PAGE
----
Once Works Well was pure technology. Now it seeks merely to divert.
Pansy subjects - Verse! Opera! Domestic trivia! - are now commonplace.
The 300-word limit for posts is retained. The ego is enlarged

Friday, 12 November 2010

A hymn to St Cecilia

A second keyboard - I should have bought its equivalent forty or fifty years ago.

Yes, it plugs into the computer but won’t be used for that. More for deconstructing the intro of Lady is a Tramp (ie, I’ve wined and dined on Mulligan stew and never asked for turkey/As I’ve hitched and hiked my way along from Maine to Albuquerque, etc, etc) or fingering the B-flat scale back to when I had an embouchure and could play Cheek to Cheek on the trumpet.

I will also check out rests, slurs and ties and wrestle with four-four time, conscious that I’ve left all this far too late. Senility and/or arthritis will arrive long before semi-quaver ability.

But I’m not moaning; playing skills will be a bonus. The keyboard, which offers decent piano sound, is primarily a tool to pick tunes apart and isolate intervals which are beyond both my musical memory and that very imperfect instrument, my voice. A moment ago I played a simple hymn tune (in C-major, natch) and discovered that the penultimate line comprises a seven-note sequence: C, D, E, F, G, A, B or seven-eighths of the C-major scale. No great tribute to the writer’s inventiveness but a tiny revelation to me about what constitutes music. Alas, I’ve forgotten the hymn.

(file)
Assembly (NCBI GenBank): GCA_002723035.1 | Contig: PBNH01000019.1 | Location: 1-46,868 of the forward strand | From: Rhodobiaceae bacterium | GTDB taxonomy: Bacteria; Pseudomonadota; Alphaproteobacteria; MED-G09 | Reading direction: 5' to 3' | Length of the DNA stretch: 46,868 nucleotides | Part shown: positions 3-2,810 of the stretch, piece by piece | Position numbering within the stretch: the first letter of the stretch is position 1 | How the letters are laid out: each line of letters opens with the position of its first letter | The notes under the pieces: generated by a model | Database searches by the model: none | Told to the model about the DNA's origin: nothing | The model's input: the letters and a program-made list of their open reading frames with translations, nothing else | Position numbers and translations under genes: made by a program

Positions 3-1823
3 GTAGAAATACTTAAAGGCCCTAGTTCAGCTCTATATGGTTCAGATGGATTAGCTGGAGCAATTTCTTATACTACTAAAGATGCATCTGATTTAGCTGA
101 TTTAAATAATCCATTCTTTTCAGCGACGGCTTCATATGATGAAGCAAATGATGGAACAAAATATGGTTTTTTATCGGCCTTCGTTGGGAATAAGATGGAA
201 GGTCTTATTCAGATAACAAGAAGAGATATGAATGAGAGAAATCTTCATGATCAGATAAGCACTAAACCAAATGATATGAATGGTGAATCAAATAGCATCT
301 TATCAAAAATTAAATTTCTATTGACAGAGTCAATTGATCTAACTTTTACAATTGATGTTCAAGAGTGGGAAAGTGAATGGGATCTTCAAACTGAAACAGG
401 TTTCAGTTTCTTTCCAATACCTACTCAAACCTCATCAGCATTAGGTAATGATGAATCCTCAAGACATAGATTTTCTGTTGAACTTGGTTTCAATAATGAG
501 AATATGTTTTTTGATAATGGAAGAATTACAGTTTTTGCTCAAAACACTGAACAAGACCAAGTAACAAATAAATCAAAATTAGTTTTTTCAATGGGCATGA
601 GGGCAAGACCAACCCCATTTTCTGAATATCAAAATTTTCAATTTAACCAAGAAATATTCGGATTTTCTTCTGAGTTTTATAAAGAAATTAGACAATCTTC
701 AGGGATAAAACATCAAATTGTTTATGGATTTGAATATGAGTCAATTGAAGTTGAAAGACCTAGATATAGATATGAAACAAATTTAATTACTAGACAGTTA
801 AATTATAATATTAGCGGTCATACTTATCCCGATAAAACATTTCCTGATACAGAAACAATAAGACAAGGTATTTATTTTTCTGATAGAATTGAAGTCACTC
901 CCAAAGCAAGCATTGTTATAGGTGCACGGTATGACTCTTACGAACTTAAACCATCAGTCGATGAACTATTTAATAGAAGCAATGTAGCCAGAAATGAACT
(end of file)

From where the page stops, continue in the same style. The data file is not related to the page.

A musical ignoramus I love messing around with tunes (“Hey, there’s a black note coming up!”). I had some competence with the trumpet but there the notes had to be created and messing about was a hard row to hoe. Here the notes are laid out for me. Shortly I shall compose an accompaniment to one of my sonnets, record myself singing it and post the result. Renaissance man! But don’t hold your breath.